Google Translate is the latest app to get a dark mode (and it's not all that dark)

Google Translate
(Image credit: Shutterstock)

Google has begun rolling out a new dark mode for Google Translate for Android, and it's surprisingly bright.

The new option is starting to appear for Android 10 users who have upgraded to Google Translate version 6.4.0 and are using their phone's system-wide dark mode (which forces dark mode on supported apps).

When done well, dark mode can be a great addition to a mobile app, giving a handy extra option that reduces glare in gloomy conditions, saves you a little power when you use the app frequently, and generally makes a refreshing change.

Google Translate's dark mode is mostly gray rather than black (which means limited scope for power-saving, particularly for AMOLED screens where truly black pixels are switched off), and as Android Police notes, the chosen shade isn't actually particularly dark.

The app's blue elements are unchanged from the light version, which may also lead some AMOLED phone owners who rely on Google Translate to worry about burn-in, which happens when the screen degrades through use.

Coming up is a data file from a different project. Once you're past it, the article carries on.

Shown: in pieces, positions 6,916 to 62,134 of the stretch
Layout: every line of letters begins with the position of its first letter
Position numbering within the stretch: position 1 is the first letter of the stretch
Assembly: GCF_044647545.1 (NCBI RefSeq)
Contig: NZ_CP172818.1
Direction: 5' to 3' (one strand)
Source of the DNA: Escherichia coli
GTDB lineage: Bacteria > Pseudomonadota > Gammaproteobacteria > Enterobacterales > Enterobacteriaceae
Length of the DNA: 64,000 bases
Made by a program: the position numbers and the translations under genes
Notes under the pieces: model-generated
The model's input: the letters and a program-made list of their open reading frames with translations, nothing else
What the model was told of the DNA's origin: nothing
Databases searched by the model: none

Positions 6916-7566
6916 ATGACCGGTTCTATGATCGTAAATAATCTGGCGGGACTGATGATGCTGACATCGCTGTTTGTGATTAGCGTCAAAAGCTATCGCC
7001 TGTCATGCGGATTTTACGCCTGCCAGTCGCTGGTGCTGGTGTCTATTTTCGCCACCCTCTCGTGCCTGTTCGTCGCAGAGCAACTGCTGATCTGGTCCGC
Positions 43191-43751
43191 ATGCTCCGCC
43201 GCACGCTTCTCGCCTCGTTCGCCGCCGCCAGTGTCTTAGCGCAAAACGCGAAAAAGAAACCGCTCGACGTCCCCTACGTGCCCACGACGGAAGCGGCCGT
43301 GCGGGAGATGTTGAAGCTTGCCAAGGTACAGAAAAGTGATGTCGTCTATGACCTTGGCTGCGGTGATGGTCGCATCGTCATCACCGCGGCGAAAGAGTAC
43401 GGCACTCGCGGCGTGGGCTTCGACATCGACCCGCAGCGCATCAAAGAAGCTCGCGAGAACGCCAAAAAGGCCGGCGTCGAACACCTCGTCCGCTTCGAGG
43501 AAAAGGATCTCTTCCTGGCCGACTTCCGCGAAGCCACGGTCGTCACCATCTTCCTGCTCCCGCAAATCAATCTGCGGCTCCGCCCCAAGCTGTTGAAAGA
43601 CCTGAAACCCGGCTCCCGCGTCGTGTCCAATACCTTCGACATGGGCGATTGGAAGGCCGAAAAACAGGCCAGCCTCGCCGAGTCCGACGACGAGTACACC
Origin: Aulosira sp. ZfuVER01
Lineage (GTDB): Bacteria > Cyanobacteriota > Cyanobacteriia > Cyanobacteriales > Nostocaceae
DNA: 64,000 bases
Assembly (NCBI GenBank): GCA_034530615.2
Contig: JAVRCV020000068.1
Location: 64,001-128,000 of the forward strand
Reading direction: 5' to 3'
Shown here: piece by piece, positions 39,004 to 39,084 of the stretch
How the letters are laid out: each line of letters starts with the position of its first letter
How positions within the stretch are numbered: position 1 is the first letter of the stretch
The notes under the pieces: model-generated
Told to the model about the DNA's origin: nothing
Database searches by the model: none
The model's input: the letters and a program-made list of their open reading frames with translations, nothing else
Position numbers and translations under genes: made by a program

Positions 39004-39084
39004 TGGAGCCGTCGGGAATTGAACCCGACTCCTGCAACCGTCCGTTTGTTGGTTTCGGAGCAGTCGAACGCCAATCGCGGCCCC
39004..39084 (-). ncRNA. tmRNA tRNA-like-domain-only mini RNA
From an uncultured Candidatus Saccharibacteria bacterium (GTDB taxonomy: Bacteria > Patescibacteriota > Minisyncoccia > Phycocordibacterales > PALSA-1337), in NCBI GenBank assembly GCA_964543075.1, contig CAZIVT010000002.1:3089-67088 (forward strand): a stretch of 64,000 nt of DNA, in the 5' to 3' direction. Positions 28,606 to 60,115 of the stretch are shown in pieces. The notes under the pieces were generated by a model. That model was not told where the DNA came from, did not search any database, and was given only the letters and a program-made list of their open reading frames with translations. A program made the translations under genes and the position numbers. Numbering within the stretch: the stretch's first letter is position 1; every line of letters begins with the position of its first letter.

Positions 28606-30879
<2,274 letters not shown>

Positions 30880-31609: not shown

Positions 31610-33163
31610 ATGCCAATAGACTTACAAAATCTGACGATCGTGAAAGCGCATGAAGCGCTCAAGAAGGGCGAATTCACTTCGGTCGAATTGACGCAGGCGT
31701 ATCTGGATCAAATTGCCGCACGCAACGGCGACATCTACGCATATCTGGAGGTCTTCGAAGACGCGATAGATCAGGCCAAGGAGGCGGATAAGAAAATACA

On an AMOLED panel, blue sub-pixels are the least durable (less so than red and green) so interfaces with lots of static white and blue elements on show are typically best avoided to avoid leaving an after-image.

Turn down the lights

If you want to try (and judge) it for yourself, you can either look for the latest update in the Google Play Store, or download and install the APK manually. However, the rollout seems to be very limited for the time being, so don't be disappointed if you can't see it yet.

It's also worth bearing in mind that this might only be a small test of an unfinished design, so it may change significantly before its full release. Fingers crossed.

Cat Ellis

Cat is the editor of TechRadar's sister site Advnture. She’s a UK Athletics qualified run leader, and in her spare time enjoys nothing more than lacing up her shoes and hitting the roads and trails (the muddier, the better)